Neil McCann, in a spiteful piece of wailing, told the BBC today that Celtic had “delayed” their bid for Jack Hendry until “the last minute” making it impossible for him to conduct any business and sign a replacement. This was shortly before Dundee announced the signing of a replacement.
And this is funny, because it was the same broadcaster which announced on the night itself that it was Dundee who were “stalling” on the deal.
Here’s my question; is McCann lying to the BBC?
If he is, why did they let him get away with it?
It seems like a daft question in the week where one of their journalists has grovelled an apology to Sevco for scotching one of the most transparently fictitious transfer stories of recent years, but I am asking it nonetheless.
Here’s a corollary question; was the BBC journalist who was the source of that announcement, himself lying about Dundee?
Because I’d have thought that issue would have been worth McCann mentioning during his incontinent outburst today where he levelled accusations at us.
In spite of McCann’s comments, I know Celtic did not “leave it late” to submit a bid.
Some horse trading went on.
That is the norm on deadline night.
It was Dundee who “held out” as long as they could, to get the right price.
There is not a soul on Earth who can blame them for doing so; it was an excellent piece of business, and one that was done professionally.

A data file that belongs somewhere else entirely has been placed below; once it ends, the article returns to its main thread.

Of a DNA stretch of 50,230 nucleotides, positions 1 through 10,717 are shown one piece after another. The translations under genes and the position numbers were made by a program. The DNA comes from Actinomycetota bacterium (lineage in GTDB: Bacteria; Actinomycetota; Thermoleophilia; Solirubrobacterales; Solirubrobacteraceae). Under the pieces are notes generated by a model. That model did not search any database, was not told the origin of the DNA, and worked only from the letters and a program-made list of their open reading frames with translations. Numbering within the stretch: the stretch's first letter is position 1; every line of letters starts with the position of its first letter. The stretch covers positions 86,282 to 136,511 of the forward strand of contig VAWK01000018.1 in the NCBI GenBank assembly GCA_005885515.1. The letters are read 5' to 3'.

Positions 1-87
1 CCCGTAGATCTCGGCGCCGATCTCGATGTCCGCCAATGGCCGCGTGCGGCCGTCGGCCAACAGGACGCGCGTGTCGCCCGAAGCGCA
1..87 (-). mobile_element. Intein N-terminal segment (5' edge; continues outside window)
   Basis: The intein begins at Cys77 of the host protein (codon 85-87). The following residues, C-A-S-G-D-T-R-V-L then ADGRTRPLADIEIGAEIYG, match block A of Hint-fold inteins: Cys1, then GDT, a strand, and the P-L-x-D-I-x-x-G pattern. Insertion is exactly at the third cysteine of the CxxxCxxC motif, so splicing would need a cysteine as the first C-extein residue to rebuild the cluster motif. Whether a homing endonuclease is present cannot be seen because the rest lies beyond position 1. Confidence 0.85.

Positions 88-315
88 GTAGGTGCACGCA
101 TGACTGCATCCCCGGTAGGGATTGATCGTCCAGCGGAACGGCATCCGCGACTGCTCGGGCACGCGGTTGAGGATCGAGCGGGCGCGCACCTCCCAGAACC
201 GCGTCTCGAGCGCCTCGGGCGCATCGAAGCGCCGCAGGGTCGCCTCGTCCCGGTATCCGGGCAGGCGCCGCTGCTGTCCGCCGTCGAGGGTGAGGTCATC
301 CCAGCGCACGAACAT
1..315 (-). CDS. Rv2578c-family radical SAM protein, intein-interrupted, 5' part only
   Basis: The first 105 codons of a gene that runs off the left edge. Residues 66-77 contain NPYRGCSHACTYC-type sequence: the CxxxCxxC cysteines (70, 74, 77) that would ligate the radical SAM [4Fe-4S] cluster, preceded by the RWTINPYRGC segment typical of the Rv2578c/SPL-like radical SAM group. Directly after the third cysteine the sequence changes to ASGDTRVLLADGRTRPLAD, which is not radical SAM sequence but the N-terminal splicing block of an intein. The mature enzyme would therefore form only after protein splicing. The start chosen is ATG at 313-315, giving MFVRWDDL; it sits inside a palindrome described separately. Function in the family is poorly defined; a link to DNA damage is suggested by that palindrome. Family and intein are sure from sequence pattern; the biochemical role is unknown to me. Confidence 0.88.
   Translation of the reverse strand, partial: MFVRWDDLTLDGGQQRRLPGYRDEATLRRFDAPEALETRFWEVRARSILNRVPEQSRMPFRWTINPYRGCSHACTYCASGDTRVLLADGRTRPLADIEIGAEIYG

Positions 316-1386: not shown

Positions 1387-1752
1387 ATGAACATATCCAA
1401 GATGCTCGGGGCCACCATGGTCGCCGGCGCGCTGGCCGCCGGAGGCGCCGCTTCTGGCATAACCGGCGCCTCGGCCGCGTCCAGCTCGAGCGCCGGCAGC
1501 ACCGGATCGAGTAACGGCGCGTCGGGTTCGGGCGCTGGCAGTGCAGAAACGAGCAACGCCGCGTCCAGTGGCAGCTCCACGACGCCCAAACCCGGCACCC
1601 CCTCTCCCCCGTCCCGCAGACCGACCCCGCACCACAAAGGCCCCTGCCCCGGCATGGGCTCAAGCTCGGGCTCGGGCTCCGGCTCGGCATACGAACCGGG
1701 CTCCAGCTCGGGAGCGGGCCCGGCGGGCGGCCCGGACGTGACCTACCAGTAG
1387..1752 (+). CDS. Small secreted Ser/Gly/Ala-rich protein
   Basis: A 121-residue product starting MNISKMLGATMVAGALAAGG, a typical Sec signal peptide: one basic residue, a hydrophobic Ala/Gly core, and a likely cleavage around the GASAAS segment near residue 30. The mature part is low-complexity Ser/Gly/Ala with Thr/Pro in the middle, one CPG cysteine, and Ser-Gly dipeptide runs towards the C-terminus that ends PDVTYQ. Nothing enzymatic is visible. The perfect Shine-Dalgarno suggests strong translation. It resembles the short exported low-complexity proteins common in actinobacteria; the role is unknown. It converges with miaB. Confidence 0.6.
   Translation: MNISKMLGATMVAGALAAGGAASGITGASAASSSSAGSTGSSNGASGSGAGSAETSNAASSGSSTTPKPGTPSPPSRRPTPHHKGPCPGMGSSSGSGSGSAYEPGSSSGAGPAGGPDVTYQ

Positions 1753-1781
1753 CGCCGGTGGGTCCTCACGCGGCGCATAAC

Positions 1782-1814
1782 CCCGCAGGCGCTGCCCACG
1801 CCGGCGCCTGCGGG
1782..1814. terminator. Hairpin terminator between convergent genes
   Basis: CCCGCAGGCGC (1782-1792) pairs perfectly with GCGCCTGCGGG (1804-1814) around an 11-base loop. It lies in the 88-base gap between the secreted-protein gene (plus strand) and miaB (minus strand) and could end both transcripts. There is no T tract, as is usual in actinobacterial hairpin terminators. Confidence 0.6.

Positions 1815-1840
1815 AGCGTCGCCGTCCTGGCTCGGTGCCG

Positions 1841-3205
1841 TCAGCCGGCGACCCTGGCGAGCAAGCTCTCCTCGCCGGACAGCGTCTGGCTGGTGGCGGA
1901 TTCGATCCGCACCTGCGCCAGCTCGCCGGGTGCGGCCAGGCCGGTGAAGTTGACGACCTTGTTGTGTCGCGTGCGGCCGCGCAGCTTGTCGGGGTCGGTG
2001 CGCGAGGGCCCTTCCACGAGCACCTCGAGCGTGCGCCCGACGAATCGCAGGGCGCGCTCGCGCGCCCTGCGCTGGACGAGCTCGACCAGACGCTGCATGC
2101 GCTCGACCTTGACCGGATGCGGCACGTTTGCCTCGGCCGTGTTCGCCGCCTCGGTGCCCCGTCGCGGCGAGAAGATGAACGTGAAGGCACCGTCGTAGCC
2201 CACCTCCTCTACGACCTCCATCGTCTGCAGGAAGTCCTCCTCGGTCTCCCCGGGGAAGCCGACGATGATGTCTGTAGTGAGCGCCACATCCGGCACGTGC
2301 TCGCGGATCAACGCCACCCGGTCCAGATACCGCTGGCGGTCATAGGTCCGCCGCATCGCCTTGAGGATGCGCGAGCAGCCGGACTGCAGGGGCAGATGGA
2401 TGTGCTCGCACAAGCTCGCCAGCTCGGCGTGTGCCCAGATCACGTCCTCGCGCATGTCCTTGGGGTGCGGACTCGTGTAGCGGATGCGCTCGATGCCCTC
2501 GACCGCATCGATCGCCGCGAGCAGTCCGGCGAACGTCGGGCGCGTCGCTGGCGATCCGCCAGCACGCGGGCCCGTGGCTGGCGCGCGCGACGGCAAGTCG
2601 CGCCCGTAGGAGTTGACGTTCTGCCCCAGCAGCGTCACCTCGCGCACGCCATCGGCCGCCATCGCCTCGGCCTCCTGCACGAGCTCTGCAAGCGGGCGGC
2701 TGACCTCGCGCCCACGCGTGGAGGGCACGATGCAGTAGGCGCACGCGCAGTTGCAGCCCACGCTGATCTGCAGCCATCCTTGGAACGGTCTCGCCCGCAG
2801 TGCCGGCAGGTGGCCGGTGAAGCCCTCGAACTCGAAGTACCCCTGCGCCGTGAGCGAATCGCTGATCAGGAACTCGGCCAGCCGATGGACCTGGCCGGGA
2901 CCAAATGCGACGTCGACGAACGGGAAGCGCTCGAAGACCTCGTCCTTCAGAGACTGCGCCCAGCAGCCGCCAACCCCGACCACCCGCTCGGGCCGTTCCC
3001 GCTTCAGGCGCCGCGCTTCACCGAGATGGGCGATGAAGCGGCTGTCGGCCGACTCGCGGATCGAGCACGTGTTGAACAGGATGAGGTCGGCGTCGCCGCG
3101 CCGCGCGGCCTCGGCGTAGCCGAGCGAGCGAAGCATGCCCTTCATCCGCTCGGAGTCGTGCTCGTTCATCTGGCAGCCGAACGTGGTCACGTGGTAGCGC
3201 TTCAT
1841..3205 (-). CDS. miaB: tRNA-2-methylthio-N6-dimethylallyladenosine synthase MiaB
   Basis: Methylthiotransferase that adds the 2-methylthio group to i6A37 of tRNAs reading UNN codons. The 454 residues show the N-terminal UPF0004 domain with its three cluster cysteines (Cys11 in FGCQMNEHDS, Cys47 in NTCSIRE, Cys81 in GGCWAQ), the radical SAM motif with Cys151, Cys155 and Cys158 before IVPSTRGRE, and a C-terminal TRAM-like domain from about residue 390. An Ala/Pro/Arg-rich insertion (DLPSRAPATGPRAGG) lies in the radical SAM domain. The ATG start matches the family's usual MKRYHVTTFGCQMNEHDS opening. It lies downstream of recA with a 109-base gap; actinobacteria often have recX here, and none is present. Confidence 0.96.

Professionally, on both sides.
Celtic conducted this affair with the utmost respect for Dundee.
We persisted in our efforts to sign the player in spite of McCann having run to the media to violate our confidentiality when we made our initial offer. He was the one who acted unprofessionally here, as everyone who followed this affair will be all too well aware.
What bothers me here is that there must have been people sitting in that press conference who know the facts of this matter, and if McCann was being less than truthful they must have let him get away with that.
I trust that Chris McLaughlin will clarify this, by putting McCann firmly in his place and refuting the story he’s telling here.
Of course, if the BBC got it wrong on the night I trust they’ll retract.
In fact, I trust they’ll send a grovelling apology to Dundee, in public, on Twitter.
After all, that’s how it’s done these days, isn’t it?
The Corporation does have its standards to maintain, right?
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